Mental Health 8 MIN READ

Mental Health Gyms: What it really means to be mentally fit

The COVID-19 pandemic has accelerated a mental health crisis across the world; the WHO stated that 264 million people across the globe are suffering from depression alone,

Written by Ankush Datar

Dec 06, 2021
What Means MentallyFit


The COVID-19 pandemic has accelerated a mental health crisis across the world; the WHO stated that 264 million people across the globe are suffering from depression alone, and more from other mental illnesses. People have been afraid of catching the coronavirus. Unemployment, disconnection from enjoyable activities and social interaction have also been major stressors during this time. Research suggests that close to 40% of US adults reported struggling with a form of mental illness, such as anxiety and depression, increased substance abuse, stress-related symptoms, and suicidal tendencies. The Kaiser Family Foundation has stated that 4 in 10 adults reported symptoms of depression or anxiety disorder during the pandemic, up from 1 in 10 in 2019. 

A common mood disorder is depression, with symptoms such as angry outbursts or irritation, tiredness and lack of energy, disturbance in sleep due to insomnia, suicidal thoughts, feelings of emptiness and reduced appetite leading to weight loss or even weight gain due to excessive eating. Anxiety disorders, marked by varying severity of levels of symptoms like nervousness, rapid heartbeat, panic, and intense fear are also mental health conditions that can impair day-to-day functioning. With the rise in mental health issues, it is crucial that there is awareness about the recent trend of mental health gyms and how they can contribute towards mental well-being.

What is a mental health gym? 

According to Gina Moffa, a grief and trauma therapist, mental health gyms are ‘programmes to work out the mind’. She tells a digital publication that mental health gyms gained prominence because there were numerous gyms to care for people’s physical fitness but none to ‘exercise the mind, especially during the pandemic’.

Of late, mental health gyms have become prevalent both online and offline. The role of mental health gyms is to offer classes, exercises or treatments designed to help people with their mental health concerns. Mental health gyms are geared to make mental health support accessible with primarily group therapy sessions. The approach is preventative and generally eclectic. Mental health gyms offer a combination of treatments and programmes to equip people with coping skills. They help people deal with challenging and overwhelming emotions like grief, burnout and self-esteem issues, among others. Allison Chawla, a certified coach and psychotherapist compares the gyms to a kind of retreat, since some of them include an assortment of modalities beyond conventional therapy, like meditation and music therapy. Some even conduct internet de-addiction programmes. Mental self-care is at the core of these establishments, with a strong focus on fostering a sense of community. Mental health gyms are for anyone who wishes to focus on mental fitness; they aren’t exclusively for those grappling with mental health illnesses.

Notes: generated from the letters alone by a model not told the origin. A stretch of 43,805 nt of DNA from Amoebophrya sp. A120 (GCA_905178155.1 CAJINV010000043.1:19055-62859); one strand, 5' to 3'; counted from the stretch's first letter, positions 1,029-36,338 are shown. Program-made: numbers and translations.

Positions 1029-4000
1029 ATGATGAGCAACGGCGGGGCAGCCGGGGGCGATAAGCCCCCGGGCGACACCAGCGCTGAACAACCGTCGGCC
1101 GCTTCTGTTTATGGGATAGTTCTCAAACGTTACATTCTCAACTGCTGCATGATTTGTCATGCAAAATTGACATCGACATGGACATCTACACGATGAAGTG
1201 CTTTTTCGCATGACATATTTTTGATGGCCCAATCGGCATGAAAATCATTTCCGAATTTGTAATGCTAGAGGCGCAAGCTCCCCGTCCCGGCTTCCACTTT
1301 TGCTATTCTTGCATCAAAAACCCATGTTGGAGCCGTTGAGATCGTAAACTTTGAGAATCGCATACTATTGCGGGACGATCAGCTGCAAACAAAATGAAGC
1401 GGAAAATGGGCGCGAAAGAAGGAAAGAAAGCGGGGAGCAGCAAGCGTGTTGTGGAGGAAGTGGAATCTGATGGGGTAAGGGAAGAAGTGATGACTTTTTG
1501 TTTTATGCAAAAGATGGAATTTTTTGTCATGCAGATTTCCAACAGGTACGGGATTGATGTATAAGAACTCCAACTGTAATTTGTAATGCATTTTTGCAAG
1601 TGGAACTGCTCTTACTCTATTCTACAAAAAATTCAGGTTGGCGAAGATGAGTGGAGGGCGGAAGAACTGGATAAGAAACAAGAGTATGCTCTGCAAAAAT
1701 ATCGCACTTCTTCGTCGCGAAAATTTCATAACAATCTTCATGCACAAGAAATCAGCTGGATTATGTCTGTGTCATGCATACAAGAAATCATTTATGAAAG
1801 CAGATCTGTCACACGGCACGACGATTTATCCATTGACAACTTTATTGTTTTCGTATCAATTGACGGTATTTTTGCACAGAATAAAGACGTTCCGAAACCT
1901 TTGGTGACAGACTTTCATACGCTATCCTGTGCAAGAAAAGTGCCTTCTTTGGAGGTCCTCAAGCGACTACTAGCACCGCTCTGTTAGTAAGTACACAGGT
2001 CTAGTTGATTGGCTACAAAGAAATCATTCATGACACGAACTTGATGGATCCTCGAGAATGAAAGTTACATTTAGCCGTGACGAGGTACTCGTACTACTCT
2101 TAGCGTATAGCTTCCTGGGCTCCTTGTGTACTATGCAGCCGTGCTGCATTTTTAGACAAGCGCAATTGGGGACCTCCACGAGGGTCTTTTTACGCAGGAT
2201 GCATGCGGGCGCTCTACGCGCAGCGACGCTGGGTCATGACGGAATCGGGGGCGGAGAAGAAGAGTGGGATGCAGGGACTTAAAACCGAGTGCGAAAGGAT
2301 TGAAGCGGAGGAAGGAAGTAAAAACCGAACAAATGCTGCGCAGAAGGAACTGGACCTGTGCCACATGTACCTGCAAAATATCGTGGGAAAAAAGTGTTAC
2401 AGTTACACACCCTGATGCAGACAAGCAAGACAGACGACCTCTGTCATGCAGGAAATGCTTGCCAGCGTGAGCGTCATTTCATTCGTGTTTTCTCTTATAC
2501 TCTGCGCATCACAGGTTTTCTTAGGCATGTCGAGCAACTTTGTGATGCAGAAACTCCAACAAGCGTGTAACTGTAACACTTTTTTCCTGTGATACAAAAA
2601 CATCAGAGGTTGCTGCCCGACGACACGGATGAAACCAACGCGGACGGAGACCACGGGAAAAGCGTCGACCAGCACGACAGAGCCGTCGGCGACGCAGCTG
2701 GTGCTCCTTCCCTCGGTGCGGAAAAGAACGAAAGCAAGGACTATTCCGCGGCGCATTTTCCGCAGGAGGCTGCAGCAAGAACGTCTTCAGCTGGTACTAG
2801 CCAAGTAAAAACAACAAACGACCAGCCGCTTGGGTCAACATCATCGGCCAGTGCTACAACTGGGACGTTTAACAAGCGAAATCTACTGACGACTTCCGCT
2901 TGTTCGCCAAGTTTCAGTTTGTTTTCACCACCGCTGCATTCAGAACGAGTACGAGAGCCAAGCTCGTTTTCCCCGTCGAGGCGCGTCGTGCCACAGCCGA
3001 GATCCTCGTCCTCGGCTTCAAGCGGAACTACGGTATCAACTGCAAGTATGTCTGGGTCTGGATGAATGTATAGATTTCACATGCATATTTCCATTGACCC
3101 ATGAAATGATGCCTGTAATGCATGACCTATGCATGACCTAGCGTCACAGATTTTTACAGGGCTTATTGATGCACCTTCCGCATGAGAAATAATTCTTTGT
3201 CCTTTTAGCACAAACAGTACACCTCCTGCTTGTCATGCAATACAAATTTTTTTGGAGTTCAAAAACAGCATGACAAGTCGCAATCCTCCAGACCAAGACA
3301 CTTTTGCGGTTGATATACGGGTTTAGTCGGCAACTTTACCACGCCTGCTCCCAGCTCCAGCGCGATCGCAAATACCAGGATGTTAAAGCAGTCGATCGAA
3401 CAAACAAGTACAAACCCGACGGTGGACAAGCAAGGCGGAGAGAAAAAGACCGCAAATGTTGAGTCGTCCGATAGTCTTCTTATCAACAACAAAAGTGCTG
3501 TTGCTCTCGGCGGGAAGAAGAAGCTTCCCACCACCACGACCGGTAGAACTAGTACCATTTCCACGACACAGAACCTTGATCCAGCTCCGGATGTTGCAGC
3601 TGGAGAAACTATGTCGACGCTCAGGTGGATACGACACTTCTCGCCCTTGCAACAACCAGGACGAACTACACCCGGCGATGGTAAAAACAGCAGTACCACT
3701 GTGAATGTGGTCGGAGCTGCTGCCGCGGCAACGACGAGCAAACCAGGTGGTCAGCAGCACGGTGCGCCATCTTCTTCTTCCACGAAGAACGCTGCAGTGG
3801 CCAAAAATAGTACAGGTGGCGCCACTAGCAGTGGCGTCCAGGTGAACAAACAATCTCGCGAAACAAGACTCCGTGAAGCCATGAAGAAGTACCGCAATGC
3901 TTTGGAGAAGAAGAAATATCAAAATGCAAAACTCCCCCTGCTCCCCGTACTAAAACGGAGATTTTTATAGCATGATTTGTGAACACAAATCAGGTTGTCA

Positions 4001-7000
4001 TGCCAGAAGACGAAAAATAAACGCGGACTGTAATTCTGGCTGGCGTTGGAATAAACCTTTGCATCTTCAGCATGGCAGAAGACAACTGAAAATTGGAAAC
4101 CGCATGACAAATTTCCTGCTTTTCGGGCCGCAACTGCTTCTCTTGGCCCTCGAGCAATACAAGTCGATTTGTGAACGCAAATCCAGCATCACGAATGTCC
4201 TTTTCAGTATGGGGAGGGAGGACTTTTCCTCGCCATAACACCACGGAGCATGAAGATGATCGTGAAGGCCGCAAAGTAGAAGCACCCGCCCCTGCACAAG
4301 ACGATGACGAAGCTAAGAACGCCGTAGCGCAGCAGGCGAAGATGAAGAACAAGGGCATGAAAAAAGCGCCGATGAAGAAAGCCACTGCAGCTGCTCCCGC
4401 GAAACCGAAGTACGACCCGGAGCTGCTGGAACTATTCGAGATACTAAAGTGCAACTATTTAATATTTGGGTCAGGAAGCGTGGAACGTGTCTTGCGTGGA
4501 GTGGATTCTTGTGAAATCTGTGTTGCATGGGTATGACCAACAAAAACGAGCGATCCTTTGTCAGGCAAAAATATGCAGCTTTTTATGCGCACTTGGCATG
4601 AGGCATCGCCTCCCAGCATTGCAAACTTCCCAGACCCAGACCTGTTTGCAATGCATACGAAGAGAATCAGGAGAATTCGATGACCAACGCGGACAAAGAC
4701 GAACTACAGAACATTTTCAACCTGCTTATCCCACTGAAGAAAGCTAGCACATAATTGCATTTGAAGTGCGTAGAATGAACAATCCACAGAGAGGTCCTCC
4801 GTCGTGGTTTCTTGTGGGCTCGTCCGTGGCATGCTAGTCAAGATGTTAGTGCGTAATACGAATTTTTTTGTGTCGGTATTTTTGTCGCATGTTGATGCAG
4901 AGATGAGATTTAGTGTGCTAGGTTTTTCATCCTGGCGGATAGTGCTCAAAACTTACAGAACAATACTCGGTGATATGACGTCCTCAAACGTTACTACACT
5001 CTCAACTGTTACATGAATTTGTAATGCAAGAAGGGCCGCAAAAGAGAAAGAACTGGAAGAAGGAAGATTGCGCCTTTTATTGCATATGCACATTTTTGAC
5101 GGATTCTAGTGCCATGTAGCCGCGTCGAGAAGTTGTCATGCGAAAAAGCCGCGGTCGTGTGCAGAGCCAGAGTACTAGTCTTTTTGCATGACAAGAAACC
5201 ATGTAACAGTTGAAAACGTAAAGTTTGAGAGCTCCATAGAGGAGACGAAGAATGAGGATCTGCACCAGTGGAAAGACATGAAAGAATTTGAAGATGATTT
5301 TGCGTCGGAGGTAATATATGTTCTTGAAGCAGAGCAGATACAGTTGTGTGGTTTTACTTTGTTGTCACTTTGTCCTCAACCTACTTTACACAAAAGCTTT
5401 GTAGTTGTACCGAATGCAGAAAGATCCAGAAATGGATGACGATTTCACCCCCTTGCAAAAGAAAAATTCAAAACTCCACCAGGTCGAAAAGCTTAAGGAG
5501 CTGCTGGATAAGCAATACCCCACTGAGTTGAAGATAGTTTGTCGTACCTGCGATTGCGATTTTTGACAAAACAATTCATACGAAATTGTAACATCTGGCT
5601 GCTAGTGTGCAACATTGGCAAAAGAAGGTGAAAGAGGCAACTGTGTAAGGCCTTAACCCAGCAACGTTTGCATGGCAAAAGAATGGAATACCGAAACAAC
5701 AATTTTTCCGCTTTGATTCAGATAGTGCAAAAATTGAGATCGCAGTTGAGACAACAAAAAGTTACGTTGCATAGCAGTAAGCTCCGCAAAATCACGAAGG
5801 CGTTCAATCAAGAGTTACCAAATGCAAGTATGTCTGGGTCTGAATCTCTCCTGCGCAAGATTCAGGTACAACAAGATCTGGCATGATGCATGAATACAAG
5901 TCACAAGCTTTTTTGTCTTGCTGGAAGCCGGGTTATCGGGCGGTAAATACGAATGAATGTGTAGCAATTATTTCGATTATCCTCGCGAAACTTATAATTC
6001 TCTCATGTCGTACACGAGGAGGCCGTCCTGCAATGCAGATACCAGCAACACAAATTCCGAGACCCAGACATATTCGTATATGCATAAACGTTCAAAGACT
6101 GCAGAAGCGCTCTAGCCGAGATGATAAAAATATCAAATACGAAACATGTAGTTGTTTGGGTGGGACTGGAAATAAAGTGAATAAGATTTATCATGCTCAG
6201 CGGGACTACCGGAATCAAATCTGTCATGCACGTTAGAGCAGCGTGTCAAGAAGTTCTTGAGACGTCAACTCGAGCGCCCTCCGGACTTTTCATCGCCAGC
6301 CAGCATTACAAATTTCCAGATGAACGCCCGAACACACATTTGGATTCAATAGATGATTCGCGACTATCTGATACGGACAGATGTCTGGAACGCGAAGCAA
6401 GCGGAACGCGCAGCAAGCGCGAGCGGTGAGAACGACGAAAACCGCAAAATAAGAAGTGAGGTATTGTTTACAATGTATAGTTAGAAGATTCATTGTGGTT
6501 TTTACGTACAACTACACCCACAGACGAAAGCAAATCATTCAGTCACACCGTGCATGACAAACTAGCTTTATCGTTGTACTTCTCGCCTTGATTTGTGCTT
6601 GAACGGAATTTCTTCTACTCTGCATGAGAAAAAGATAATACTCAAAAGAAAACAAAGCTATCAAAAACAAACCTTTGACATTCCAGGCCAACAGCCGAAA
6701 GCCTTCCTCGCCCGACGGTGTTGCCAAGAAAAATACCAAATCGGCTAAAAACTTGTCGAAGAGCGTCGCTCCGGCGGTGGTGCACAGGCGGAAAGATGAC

The concept of mental health gyms originated in the US a few years ago. However, they became popular globally over the past year due to a rise in mental health problems during the pandemic. These gyms have a team of therapists providing a range of facilities. Some of these gyms provide facilities, such as floatation therapy, which last for 60 to 90 minutes and help remove excess stimuli from the body, thereby reducing anxiety and depression, improving sleep, offering pain relief and more. Some also conduct a brain-training exercise called neurofeedback, through which the brain waves of an attendee are measured and positive and negative feedback are reviewed. This process teaches them self-control of feedback loops.

The gyms may be located in physical spaces, held online or even be pre-recorded sets that people can access. Now, even regular gyms are beginning to allocate spaces within their existing infrastructure to host group and personal mental health sessions for their members.

Research has shown that exercising, individually or in a group, could help reduce the effects of mental illness on a person as opposed to not exercising at all. Studies have started to explore the effects of combining exercise with therapy. Many mental health gyms adopt a more holistic approach, with a focus on nutrition and sleep.

mental health gym

Benefits of mental health gyms 

Individual therapy is an effective tool to manage mental health because some people may feel comfortable in an intimate setting. In individual therapy, your relationship with your therapist is key to the success of the therapy. A mental health gym, which usually has group sessions, can be the first step in a person’s journey to address their mental health concerns; if they require more comprehensive treatment, they could transition to individual therapy.